LinkedIn's new Company Pages opens up a new way to tap into that last option. Much like the fan pages companies can setup in Facebook, LinkedIn now has company pages. If LinkedIn Company Pages catches on, you'll be able to browse your colleagues profiles and see what companies they recommend. And when you go to a company's page, you'll be able to see how many people like it.If you're in the market for an enterprise SaaS solutions or a cloud management providers, you've got few resources to evaluate the different options. You can check sites like this one, read analyst reports and or ask for recommendations from your colleagues.
LinkedIn launched Company Pages at its LinkedIn Connect event in New York earlier this month. Pilot companies included mix of big names and smaller startups, such as Avaya, Dell, Freshbooks, HP and Rypple. David Stein, Co-CEO of Rypple, says that during the first week the company received 78 recommendations and the number of people "following" Rypple on LinkedIn tripled. So it sounds like this is a good way for vendors to market products and services.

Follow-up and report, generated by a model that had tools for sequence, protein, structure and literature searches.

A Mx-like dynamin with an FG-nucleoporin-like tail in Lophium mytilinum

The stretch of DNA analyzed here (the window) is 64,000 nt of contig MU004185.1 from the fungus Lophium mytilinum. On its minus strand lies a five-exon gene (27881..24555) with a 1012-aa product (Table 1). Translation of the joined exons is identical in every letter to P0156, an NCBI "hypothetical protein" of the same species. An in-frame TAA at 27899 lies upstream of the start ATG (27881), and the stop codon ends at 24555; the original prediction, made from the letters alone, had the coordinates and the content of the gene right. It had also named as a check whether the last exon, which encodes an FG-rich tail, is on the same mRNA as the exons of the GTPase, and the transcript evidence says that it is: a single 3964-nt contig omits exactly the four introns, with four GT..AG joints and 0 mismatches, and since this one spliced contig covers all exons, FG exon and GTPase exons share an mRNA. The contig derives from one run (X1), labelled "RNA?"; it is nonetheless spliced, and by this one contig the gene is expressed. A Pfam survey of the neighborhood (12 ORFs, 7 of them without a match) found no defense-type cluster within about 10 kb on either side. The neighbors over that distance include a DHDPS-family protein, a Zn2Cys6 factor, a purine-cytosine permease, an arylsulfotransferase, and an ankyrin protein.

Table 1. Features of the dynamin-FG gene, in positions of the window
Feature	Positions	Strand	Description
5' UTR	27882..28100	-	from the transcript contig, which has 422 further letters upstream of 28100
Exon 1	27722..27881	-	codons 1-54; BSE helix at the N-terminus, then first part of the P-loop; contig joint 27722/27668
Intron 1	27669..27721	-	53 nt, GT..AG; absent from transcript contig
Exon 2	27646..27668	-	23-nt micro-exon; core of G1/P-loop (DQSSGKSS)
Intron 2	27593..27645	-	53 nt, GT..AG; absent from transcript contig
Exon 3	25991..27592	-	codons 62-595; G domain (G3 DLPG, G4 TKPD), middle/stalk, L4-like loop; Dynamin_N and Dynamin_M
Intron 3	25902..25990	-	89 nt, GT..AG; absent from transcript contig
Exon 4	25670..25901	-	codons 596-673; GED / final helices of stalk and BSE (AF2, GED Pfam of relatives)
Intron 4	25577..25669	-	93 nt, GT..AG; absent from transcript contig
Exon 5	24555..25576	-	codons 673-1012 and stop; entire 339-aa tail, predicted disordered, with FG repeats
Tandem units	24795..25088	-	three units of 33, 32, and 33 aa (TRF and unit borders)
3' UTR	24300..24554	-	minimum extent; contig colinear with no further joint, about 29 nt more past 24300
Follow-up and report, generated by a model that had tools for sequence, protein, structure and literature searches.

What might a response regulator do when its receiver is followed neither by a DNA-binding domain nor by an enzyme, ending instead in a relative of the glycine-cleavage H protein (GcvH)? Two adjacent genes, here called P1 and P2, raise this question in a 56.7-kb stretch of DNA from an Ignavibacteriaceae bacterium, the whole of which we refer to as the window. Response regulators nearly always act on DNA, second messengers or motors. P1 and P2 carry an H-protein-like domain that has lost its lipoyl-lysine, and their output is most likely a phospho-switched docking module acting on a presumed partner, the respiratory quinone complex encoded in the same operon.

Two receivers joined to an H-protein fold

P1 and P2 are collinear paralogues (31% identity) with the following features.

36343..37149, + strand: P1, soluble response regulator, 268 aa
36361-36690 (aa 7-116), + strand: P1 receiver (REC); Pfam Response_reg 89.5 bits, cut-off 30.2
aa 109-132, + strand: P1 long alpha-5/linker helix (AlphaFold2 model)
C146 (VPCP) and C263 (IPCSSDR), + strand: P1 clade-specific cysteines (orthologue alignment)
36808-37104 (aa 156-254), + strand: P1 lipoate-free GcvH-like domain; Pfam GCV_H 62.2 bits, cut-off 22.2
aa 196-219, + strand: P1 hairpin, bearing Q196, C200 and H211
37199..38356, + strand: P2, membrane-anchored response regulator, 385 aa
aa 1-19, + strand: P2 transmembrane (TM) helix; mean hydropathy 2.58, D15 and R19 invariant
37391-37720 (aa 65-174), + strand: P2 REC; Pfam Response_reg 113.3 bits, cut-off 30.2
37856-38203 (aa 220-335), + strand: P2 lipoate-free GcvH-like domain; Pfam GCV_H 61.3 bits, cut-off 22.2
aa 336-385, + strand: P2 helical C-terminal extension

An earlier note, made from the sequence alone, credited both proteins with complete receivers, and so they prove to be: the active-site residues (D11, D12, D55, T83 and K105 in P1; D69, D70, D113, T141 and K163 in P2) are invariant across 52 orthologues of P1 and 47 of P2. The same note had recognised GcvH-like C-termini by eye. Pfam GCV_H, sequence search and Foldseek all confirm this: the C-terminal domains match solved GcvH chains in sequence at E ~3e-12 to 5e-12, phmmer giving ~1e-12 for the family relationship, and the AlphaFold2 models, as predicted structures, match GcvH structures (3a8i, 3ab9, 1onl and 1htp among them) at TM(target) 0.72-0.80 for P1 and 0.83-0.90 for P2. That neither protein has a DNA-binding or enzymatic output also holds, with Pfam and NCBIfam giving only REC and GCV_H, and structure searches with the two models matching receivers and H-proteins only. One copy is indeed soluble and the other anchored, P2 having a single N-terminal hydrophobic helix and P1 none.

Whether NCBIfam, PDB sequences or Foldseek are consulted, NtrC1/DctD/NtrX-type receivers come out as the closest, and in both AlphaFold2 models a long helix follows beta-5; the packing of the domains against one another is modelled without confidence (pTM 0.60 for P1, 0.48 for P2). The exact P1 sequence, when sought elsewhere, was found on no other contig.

But is what's good for vendors good for customers? We sure hope so. Although we doubt these social network reviews will take place of journalists and analyst firms, it would be nice to have one more way of learning about a company before signing on the dotted line. The challenge for LinkedIn will be keeping recommendations authentic and keeping the whole thing from turning into a giant spam pit.
One way LinkedIn could make this interesting is to actually create a product and service recommendation engine. What if you could enter a few pieces of information, such as company size, industry, and operating environment, and get a set of custom recommendations based on recommendations from similar users?